Division Chief: Joseph Gaut, MD, PhD
Exceptional applied and basic science research
Although examination of tissue by light microscopy continues to be the fundamental diagnostic technique in anatomic pathology, the division uses several other laboratory methodologies to precisely categorize both benign and malignant disease, including:
The exceptional applied and basic science research environment of Washington University Medical Center provides the foundation for the Division of Anatomic & Molecular Pathology to play a leading role in medicine.
The development of Genomics and Pathology Services at Washington University in St. Louis a reference lab focused on the clinical application of Next-Generation Sequencing (NGS) approaches for genome-wide analysis, has also established the division as a leader in personalized medicine.
A strong commitment to training
The Department of Pathology & Immunology provides unsurpassed training in Anatomic Pathology through a subspecialty emphasis practice model.
Barnes-Jewish Hospital, St. Louis Children’s Hospital, Siteman Cancer Center and the Mallinckrodt Institute of Radiology, all located at Washington University Medical Center, provide a volume of case material that is necessary for residents to learn to diagnose the entire spectrum of human disease. The faculty’s expertise and commitment to resident education, coupled with daily teaching conferences and one-on-one sign-out, ensure that trainees are able to take full advantage is of the educational opportunities provided by the wide-ranging case material.
In response to the immediate needs of trainees who never seem to have enough time to “get it all done,” the division created the Washington Manual of Surgical Pathology. The fact that the list of contributors to the manual includes not only faculty members but also a number of residents and fellows emphasizes that surgical pathology at Washington University has always been a collaborative venture between faculty and trainees.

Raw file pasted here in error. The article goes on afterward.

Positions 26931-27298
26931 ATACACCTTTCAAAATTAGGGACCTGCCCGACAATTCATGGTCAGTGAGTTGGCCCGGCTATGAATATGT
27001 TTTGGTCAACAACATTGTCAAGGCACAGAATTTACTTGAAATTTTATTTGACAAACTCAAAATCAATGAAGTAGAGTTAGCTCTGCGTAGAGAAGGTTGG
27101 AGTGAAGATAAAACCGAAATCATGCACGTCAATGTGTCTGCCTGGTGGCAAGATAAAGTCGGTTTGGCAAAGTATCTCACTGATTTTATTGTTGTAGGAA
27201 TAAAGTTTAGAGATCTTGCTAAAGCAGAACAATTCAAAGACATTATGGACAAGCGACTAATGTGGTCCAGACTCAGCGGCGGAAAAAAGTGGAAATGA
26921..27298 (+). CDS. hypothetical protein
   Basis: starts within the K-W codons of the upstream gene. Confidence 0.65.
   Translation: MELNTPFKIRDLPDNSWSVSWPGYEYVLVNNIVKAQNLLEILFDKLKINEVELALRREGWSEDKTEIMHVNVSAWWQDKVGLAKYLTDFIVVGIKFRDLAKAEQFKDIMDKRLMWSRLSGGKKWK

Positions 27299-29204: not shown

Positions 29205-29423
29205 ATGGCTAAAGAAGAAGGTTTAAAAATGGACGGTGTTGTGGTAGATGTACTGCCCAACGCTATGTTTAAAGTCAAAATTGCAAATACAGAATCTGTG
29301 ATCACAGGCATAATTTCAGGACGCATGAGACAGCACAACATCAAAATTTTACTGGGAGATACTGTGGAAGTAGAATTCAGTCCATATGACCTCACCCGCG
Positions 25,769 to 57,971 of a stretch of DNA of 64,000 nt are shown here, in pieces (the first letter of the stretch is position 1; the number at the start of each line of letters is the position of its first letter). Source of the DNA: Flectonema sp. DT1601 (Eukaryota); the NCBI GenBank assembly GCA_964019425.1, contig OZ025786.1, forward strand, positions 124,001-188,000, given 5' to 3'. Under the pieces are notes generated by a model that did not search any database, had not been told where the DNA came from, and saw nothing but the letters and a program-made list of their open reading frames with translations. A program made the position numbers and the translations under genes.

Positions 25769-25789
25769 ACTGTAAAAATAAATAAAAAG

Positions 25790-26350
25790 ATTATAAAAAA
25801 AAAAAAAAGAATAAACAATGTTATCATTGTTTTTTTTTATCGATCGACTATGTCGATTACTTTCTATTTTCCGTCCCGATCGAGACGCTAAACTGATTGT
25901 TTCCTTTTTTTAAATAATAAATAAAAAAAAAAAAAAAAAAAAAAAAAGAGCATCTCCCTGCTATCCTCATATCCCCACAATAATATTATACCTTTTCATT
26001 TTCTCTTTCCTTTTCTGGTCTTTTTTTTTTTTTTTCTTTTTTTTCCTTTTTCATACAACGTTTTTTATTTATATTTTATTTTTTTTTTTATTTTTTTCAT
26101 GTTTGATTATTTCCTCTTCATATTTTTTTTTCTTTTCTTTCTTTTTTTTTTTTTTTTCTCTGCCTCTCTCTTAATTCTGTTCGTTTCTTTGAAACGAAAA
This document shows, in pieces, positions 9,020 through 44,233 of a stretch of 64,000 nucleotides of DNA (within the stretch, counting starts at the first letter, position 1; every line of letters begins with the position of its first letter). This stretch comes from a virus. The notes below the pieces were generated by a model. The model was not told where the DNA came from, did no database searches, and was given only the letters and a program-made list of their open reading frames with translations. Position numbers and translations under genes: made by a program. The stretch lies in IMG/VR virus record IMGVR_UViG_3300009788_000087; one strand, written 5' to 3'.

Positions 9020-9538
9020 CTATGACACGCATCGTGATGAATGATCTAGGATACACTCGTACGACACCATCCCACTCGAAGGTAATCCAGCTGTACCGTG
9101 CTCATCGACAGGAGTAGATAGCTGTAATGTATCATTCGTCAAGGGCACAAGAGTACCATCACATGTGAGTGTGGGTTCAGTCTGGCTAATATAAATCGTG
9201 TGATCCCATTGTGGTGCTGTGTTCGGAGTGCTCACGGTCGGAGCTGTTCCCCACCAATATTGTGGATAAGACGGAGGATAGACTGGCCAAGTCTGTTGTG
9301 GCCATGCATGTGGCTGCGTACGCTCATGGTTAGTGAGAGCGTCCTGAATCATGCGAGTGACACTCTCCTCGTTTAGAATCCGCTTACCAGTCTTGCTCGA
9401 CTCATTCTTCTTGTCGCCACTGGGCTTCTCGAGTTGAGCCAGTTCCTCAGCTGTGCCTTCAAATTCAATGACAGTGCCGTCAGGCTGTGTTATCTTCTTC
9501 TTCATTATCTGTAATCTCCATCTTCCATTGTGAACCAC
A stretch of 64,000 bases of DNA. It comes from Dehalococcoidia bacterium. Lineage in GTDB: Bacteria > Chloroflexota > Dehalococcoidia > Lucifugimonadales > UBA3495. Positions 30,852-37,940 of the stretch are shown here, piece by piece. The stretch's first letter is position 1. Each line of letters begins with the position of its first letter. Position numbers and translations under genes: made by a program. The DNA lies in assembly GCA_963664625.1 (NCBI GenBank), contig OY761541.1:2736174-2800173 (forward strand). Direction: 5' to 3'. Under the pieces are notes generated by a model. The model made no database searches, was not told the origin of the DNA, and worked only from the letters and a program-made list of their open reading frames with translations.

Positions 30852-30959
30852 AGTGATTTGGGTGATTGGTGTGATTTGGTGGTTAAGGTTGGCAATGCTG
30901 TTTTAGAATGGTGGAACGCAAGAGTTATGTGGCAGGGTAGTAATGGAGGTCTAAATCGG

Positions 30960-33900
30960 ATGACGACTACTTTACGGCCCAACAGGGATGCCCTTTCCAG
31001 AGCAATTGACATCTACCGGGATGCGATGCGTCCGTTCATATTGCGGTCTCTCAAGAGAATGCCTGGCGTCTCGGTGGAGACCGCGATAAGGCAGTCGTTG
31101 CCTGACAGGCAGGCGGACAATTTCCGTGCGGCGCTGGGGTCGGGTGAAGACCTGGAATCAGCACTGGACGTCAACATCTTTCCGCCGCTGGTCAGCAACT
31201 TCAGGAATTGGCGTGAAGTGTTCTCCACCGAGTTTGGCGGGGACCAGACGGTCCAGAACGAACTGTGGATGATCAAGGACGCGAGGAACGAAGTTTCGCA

In addition to a strong foundation in morphologic-based diagnosis, the training program also provides thorough training in the ancillary techniques that are essential components of modern surgical pathology. Immunohistochemistry, flow cytometry, electron microscopy, and molecular genetic testing are fully integrated into the diagnostic activities of the division, and the practical use of ancillary diagnostic techniques is emphasized in teaching conferences and during sign-out.
At the end of their Anatomic Pathology training, residents are well prepared for a position as a practicing general pathologist. However, many trainees choose to pursue additional subspecialty training. The Division of Anatomic Pathology at Washington University offers numerous clinical fellowships.
The modern era of surgical pathology at Barnes Hospital and Washington University School of Medicine began with the arrival of Lauren V. Ackerman, MD in 1948. The appointment of Dr. Ackerman, who was not a surgeon, signaled formal recognition that the field of surgical pathology had become sufficiently advanced to require practitioners specifically trained in the discipline. By the early 1960s, surgical pathology had been subsumed by the Department of Pathology, transforming Anatomic Pathology from ‘pathology of the dead,’ based strictly on autopsies, to ‘pathology of the living’ based on the evaluation of surgical specimens.
Division contact information
Division of Anatomic and Molecular Pathology
Department of Pathology and Immunology
660 South Euclid Avenue
Campus Box 8118
St. Louis, MO 63110
BJC Institute of Health (BJCIH) Building
425 South Euclid Avenue
3rd floor, Room 3405
St. Louis, MO 63110